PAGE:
Rochester Democrat & Chronicle (February 23, 2014)
Funding the future: Endowments grow at UR, RIT
When Joel Seligman was selected to be president of the University of Rochester almost a decade ago, the job came with a mandate: UR's endowment "urgently needs to grow." But then the recession sank in.
UR's endowment, which had risen to $1.75 billion in 2008, plummeted to $1.37 billion in 2009, while RIT's endowment, which rose to $671.5 million in fiscal 2008, headed south, dropping $141 million in a year. The two schools' endowments dwarf those of any of the region's other colleges.
In the years since, both colleges have seen their endowments rebound to pre-recession levels. UR solidified its position - centered around its Medical Center - as the top employer in the region; RIT's enrollment surpassed 18,000.
Rochester Business Journal (February 21, 2014)
Community Agenda sets priorities for Rochester's prosperity
The University of Rochester has proposed a Center of Excellence for Data Science, the first of its kind in New York State. The center will focus initially on three domains: predictive health analytics, cognitive systems and analytics on demand. The Community Coalition seeks a state designation and an appropriation on par with those for other statewide centers of excellence.
ArsTechnica (February 20, 2014)
How action games can improve our visual skills
Believe it or not, playing this game could be a good treatment for lazy eye, according to preliminary research. At this year's meeting of the American Association for the Advancement of Science, the University of Rochester's Daphne Bavelier described her work on how video games affect the visual system. Bavelier's work focuses on action games and goes back over a decade. In that span, she has generated lots of evidence that the games are capable of improving the visual system by enhancing the functions of the brain regions that process sight.
ABC Science (February 18, 2014)
How stellar death leads to twin celestial jets
The mystery behind how a spherical star can produce aspherical nebula may have been solved, according to a new study.
"Most stars in the universe die this way," says the study's lead author, Professor Eric Blackman of the University of Rochester in New York.
"Astronomers are interested in how stars are born and how they die, and this gets to the mystery of how they die." (Also Reported in: Astronomy Magazine)
Fox News (February 18, 2014)
Air pollution exposure may increase risk of autism, schizophrenia
According to the organizer of the panel, Dr. Deborah Cory-Slechta, air pollution is a cocktail of various metals and gases, often consisting of many different sized particles. The larger particles typically do not pose a risk to the body, as they are often coughed up and disposed, but the very small particles are the ones that health experts say pose the biggest health threat.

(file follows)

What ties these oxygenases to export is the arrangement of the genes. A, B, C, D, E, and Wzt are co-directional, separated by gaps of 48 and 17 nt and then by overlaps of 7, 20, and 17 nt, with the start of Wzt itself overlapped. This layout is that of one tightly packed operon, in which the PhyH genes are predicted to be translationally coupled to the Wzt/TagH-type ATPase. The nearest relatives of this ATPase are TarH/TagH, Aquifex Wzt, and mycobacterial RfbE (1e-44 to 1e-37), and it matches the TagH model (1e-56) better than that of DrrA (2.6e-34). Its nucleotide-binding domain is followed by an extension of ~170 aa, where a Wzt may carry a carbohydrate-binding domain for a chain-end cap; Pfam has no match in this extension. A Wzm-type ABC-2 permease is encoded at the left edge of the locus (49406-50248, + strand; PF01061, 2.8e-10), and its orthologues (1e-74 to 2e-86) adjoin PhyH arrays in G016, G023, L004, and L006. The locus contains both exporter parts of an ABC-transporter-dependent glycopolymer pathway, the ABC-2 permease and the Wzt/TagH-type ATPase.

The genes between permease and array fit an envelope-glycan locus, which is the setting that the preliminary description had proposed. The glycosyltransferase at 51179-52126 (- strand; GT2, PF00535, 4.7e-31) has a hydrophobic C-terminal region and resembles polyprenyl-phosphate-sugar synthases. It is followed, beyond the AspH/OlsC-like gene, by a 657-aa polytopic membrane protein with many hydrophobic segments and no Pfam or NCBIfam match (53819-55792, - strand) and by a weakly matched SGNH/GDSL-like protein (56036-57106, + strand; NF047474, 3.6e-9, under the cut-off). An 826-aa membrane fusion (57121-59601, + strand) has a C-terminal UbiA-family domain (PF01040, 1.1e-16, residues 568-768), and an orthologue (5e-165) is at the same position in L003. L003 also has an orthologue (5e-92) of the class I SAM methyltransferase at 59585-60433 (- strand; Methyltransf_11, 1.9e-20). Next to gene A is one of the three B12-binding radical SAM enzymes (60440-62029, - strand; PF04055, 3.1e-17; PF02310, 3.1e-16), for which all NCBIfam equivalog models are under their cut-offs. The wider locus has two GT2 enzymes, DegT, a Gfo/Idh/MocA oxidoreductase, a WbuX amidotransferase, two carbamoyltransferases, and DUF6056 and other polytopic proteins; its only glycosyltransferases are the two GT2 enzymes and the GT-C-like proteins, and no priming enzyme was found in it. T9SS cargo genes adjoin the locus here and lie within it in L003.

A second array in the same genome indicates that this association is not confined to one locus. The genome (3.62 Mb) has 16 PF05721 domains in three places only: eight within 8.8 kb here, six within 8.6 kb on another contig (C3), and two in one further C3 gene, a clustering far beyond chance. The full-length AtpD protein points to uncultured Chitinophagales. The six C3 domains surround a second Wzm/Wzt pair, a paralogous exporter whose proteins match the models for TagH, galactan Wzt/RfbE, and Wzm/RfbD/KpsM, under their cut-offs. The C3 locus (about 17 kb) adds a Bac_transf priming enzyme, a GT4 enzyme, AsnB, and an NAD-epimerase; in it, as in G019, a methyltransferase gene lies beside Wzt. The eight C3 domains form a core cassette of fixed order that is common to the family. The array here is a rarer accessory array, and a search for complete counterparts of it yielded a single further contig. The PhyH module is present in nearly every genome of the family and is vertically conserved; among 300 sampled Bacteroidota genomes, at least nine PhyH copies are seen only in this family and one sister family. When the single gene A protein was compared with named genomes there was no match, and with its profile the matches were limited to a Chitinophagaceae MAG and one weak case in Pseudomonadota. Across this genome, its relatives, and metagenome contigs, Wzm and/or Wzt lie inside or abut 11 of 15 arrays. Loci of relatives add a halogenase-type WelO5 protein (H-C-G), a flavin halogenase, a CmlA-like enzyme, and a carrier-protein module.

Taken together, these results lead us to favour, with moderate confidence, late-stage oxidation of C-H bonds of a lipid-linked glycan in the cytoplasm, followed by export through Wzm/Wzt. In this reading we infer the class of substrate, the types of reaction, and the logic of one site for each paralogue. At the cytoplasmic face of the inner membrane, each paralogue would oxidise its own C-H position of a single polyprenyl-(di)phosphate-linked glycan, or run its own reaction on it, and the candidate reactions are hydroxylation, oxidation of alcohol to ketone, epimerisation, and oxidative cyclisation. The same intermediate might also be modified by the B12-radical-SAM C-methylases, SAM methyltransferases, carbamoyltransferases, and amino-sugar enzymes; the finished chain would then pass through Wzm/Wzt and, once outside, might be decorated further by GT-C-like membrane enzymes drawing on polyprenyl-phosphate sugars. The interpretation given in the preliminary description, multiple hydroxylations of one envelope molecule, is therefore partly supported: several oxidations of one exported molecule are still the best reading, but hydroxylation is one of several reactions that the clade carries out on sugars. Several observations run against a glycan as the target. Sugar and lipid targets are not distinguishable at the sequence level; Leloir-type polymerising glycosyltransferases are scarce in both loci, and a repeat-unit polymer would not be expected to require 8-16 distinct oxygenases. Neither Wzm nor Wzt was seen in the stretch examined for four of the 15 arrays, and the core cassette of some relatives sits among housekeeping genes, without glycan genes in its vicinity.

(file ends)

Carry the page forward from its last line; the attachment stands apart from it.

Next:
"The component people worry about the most are the smallest particles - the ultrafine particles," Cory-Slechta, professor in the department of environmental medicine at the University of Rochester School of Medicine, told FoxNews.com. "And the reason is because those go all the way down into the bottom of the lung. Once they get to the bottom of the lung, they can be absorbed into the blood stream."
Rochester Democrat & Chronicle (February 17, 2014)
UR profs theory: Couples can avoid divorce by watching movies
Nearly half of couples divorce in the first four or five years. That's a startling statistic, and one that therapists, ministers and psychologists have been trying to improve. Could the answer be as easy as popping some popcorn and watching movies?
Ronald Rogge, associate professor of clinical psychology at the University of Rochester, has been testing that theory, asking couples to watch five movies that explore relationships in one month's time and then discuss them.
Pittsburgh Post Gazette (February 16, 2014)
Study: More 'big-city bills' fail
It's an age-old question in a Legislature divided among rural, suburban and urban lawmakers: Who rules in Harrisburg? One recent multi-state study suggests large, urban delegations are less effective at moving bills in their legislatures -- and as the size of the delegation from a city grows, so does the potential for political infighting.
"Big cities lose so often because size leads to damaging divisions," said the study by Gerald Gamm, an associate professor of political science and history at the University of Rochester, and Thad Kousser, associate professor of political science at the University of California, San Diego.